Strictly speaking, supervised control can still be of use in problems which require optimization. For example, one can ask the human expert for rules of action. This gives the initial state of an ELF network. One can then adapt this network, so as to imitate what the expert does instead of what he says. One can then use the resulting controller as the initial state of a controller adapted to optimize performance.
This multi-step approach can be very important, both in reducing the overall difficulty of learning and in
minimizing the effects of the unavoidable real-world difficulties involving local minima.
But how does one train a network to go beyond the training database provided by the expert, to improve performance beyond that of the human?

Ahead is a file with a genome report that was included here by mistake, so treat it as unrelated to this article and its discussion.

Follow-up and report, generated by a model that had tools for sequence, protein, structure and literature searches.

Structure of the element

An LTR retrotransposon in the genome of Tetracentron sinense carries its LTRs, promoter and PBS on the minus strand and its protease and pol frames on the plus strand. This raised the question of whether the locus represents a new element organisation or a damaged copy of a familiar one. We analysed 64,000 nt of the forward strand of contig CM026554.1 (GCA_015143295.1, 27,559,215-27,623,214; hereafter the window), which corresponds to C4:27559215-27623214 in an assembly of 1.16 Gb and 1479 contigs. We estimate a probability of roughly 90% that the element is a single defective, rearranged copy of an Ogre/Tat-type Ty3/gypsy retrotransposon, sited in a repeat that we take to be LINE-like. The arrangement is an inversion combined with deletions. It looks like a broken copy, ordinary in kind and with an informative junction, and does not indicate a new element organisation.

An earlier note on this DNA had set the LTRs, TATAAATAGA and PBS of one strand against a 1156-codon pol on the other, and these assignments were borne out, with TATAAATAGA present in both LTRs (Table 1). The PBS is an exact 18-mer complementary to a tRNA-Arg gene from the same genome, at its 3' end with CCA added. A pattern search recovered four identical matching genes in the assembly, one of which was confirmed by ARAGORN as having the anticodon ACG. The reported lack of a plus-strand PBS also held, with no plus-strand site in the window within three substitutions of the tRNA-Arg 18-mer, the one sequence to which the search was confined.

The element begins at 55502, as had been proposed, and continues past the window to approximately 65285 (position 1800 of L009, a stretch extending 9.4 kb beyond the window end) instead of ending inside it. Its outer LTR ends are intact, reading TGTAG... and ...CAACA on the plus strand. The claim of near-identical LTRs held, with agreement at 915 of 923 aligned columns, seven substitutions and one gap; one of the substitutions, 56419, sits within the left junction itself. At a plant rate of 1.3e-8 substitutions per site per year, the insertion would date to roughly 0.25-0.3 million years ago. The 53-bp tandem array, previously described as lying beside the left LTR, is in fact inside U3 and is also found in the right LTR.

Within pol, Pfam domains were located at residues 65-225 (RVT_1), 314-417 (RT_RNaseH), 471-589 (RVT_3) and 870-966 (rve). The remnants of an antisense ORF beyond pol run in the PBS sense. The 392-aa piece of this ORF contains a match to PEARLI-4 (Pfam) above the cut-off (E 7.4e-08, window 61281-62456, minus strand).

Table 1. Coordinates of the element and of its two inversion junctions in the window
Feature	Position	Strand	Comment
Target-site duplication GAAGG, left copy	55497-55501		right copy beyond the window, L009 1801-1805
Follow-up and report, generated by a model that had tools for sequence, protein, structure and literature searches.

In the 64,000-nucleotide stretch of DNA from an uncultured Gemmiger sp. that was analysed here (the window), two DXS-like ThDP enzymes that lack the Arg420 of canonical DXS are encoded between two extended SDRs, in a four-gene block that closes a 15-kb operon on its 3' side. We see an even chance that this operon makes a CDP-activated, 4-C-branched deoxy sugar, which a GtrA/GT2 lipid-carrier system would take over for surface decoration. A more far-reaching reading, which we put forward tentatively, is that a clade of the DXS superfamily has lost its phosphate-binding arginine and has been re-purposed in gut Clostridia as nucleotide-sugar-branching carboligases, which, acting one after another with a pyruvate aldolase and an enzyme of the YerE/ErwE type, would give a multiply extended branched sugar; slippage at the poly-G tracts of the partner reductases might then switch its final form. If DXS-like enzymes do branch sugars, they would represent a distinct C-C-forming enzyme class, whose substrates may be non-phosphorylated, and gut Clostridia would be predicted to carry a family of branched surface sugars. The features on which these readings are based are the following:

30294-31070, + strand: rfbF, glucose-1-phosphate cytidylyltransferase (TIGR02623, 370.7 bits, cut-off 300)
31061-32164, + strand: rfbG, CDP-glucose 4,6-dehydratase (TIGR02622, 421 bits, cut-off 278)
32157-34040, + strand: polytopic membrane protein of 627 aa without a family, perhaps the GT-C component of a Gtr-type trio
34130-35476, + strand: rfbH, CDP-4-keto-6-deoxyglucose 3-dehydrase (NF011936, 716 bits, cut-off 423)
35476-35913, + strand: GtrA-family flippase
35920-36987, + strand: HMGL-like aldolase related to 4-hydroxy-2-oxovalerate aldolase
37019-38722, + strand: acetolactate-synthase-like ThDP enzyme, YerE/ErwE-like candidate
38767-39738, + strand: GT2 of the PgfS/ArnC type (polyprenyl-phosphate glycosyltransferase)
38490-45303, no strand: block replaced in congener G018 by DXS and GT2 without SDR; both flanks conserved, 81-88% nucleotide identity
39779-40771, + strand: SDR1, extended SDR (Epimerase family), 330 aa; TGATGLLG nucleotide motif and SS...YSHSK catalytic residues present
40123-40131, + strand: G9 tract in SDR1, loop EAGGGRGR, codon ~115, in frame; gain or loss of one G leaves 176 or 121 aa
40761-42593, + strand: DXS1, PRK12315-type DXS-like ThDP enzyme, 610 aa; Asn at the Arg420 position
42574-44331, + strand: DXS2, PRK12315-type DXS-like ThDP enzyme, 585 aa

Two families of designs are known to perform this task in a useful, efficient manner, and can scale to large problems: (1) the backpropagation of utility; (2) adaptive critics. The Handbook of Intelligent Control describes both families in great detail. It gives pseudocode for "main programs" which can be used to adapt any network or system for which the dual subroutine is known. Because this paper provides pseudocode for the ELF and F_ELF subroutines, the reader should be able to plug in elastic fuzzy logic directly into those main programs (though the F_X derivatives need to be added in some cases).